It’s not always about humans….



Sometimes in television shows, it is not just the humans who make the show.  For example ‘Bullet’ in the Roy Rogers show, Mister Ed (a Palomino named Bamboo Harvester… there is no accounting for names), Rin Tin Tin, Lassie, Moose (the Jack Russell from Frasier).   In researching about westerns from the 50’s and 60’s, I ran into some interesting information about the horses from Bonanza.  Who can forget Little Joe on his beautiful Paint horse.  So here is some horse trivia for you animal lovers.


Perhaps the unsung stars of “Bonanza” are the horses themselves. They are not like that of those who could perform such miracles as opening doors, sniff out the bad guys and untie knots, like Champion and Trigger. Not the typical horse that was used to perform in some of the most well known Westerns on T.V. The stars of the series were happy with their horses, because the main purpose was to carry the rider and were cast just for this part.

Because Bonanza was the first TV Western to be filmed in color, the mounts for the Cartwright family were chosen with an eye to how they would stand out in this new medium.  But each actor also had considerable input into the selection of his horse.



I had trouble finding much information on Chub, the horse Dan Blocker rode.  Chub was a half quarter horse, half horoughbred who was selected not only for his temperament but for his ability to carry a man of Dan Blocker’s imposing size.  Chub stood 15.3 hands tall and weighed close to 1300 pounds.  The horse’s most distinctive feature was the crooked blaze down his face.   Chub remained with the series during its entire run and outlived Blocker.









 Michael Landon selected a beautiful Paint horse for his new mount, in the show he is called Cochise, named after the famous Indian.  He stood 15. 3 hands high and weighed 1,150 pounds.  Michael rode Cochise the first six years of Bonanza, who had two stunt Paint horses double him, the first season.

By the seventh season, the stories centering on Joe began shifting outdoors and stronger and highly-trained stunt Paint horses had to be used, where in the first six years, his first Paint, called Cochise would just do simple chores at Paramount Studios and locally in Southern California.  The seventh and eighth seasons had more rugged outdoor shots at Lake Tahoe and Lone Pine and other locales, so two more riding Paints selected by Michael along with the stunt Paint was selected and ridden by Bob Miles doubling Joe in long shots, and Mike would do his close-ups on his riding Paint.  This is something that stuntmen and actors work out before filming, and they go to the stable and choose the Paint horses for the scenes called for in the scripts, every season.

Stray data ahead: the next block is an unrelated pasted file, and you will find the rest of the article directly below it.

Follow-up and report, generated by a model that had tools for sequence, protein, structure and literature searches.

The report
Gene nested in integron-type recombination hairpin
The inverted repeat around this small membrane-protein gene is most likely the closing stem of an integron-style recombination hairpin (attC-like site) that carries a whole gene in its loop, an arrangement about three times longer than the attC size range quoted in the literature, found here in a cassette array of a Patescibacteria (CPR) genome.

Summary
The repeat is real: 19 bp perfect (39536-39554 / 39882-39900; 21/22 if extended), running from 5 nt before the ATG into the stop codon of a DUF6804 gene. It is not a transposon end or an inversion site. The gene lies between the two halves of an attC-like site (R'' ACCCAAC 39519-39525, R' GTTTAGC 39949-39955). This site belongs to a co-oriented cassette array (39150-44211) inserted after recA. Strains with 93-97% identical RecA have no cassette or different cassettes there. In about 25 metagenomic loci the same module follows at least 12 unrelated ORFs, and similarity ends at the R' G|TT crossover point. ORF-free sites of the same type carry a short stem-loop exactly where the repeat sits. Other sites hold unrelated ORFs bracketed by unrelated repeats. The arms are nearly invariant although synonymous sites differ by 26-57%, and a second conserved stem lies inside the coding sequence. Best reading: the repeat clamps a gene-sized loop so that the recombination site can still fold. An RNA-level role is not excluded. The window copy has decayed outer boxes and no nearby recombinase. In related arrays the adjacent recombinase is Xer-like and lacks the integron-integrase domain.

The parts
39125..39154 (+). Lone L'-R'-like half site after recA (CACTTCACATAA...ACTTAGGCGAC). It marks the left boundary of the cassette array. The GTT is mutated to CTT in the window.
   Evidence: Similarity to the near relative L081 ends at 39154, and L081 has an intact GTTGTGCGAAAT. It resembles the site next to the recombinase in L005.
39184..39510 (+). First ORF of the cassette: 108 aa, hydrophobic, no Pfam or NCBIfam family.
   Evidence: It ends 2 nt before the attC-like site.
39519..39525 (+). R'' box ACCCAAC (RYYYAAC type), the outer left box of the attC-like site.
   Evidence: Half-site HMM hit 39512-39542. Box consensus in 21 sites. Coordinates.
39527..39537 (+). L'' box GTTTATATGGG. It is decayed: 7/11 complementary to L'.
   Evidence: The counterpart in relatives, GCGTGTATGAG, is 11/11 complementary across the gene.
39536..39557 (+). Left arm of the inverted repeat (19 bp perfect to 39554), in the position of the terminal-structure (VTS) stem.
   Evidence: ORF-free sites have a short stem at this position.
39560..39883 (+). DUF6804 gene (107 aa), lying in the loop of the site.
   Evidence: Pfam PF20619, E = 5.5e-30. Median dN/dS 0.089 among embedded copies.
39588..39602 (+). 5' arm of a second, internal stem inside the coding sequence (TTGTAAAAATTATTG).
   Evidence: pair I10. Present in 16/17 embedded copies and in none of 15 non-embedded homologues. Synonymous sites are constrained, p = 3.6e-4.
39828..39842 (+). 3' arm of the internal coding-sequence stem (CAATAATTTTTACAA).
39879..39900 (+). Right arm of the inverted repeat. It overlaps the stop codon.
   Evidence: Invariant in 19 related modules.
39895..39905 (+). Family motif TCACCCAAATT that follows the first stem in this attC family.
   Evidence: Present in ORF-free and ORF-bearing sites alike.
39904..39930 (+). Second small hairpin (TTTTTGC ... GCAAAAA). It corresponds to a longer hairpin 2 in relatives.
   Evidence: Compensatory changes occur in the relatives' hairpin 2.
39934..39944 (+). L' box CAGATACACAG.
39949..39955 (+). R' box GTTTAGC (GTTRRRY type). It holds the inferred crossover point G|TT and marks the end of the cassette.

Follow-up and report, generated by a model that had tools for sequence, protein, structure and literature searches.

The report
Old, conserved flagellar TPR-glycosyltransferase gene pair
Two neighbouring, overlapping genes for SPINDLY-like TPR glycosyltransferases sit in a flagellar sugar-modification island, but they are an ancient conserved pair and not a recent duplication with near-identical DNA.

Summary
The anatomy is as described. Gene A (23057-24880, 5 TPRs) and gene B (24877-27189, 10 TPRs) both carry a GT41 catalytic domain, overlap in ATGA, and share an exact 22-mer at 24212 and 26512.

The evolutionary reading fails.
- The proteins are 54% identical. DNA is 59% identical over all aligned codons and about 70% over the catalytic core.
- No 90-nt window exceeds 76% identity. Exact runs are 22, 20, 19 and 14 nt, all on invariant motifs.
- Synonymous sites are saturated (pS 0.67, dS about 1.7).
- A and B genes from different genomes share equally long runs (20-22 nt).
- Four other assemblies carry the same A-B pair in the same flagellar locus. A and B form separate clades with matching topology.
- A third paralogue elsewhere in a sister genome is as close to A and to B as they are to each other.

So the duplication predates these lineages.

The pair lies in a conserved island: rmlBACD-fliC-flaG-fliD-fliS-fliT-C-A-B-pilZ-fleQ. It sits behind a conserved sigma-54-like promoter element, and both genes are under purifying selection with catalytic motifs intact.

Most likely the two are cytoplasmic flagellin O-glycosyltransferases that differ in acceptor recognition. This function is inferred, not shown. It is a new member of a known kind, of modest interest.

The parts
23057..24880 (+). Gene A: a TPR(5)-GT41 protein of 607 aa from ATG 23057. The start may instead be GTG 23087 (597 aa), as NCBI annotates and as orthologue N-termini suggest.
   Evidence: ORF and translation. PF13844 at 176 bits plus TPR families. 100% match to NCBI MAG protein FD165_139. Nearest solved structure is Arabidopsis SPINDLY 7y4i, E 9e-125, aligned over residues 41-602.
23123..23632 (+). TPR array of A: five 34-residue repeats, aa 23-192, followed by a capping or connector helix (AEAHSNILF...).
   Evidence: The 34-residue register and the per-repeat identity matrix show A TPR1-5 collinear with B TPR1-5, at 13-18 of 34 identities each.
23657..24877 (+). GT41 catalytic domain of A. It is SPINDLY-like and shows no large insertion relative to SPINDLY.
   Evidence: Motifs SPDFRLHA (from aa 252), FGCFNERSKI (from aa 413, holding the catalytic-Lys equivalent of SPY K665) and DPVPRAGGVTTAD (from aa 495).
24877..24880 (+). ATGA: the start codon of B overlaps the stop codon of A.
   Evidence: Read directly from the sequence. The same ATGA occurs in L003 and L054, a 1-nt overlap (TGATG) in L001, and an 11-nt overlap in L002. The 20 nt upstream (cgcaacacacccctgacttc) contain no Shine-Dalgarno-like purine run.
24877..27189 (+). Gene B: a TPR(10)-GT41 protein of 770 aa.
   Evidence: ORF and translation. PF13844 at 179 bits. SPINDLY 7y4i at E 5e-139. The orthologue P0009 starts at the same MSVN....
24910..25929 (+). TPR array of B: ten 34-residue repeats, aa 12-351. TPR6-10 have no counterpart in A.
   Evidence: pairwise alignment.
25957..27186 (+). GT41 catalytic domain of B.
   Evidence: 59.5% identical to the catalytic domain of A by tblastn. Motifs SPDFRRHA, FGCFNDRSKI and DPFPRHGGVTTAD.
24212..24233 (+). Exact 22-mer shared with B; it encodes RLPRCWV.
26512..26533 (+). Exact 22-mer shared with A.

(and yes, I did leave out what happened to his favorite Paint, Cochise as it is too terrible to write about)






 When Bonanza's producer, David Dortort and actor Lorne Greene looked over a dozen animals in 1959, they found a beautiful Buckskin horse, aptly named ‘Buck’ and fell immediately in love with him. 

The series was cancelled in 1972.  Lorne bought the horse from the stable because he was fond of the animal and was fearful something bad would happen to him.  That year, Lorne donated the horse to the Fran Joswick Therapeutic Riding Center in San Juan Capistrano, California, where he would spend the rest of his life. The facility is specially for mentally and physically challenged children and the children loved Buck.  He had many good years as a therapeautic riding horse until his passing in 1992, at the ripe age of 45 years old.  Buck's legend lives on as does his following!









Adam’s horse in the show was named Scout.  But Scout was not the original horse selected for the role.  In fact the first two horses, Candy and Beauty, both proved to be fractious in front of the cameras and had to be sent back to the stables as not right for the part.  When Scout was brought in, he proved to be not only well behaved but a good match for actor Pernell Roberts.  Scout was a gelded 7/8 thoroughbred who weighed in at 1100 pounds.  Roberts rode Scout for three seasons.  Near the close of that third season, Scout and Dan Blocker’s horse got mired in the mud during filming, causing an accident.  Whether related to the accident or not, within a month Scout was acting up, tossing his head around and generally refusing to behave during filming as he had before.  By the start of the fourth season, Scout had been sent back to the stables and replaced with a horse that was almost identical in appearance.  The only difference was that the new horse had four white socks as opposed to the three sported by the original Scout.


OK OK…. You know how hard it is for me to stop ‘going there’…..


A bit more movie horse trivia - and who doesnt like Tom Selleck.


It was on the set of Quigley that Tom Selleck would meet his lifelong friend, Spike, an American Quarter Horse.


“The horse didn’t have movie experience, but there was something about him. First of all he fit me. Being as tall as I am, I have to have a 16-hand, or at least a 15 and 3/4-hand horse or, my feet dangle, and it just doesn’t work. But it wasn’t just about size. There seemed to be a sense of respect between us. I knew almost immediately that I wanted that horse.”

 After filming concluded, Spike’s owners gifted him to Tom. The horse, now well into his 20s, still lives at Selleck’s California home and even starred for a second time as Tom’s mount in The Last Stand at Saber River in 1997.

                                                                     © Michelle Young 2012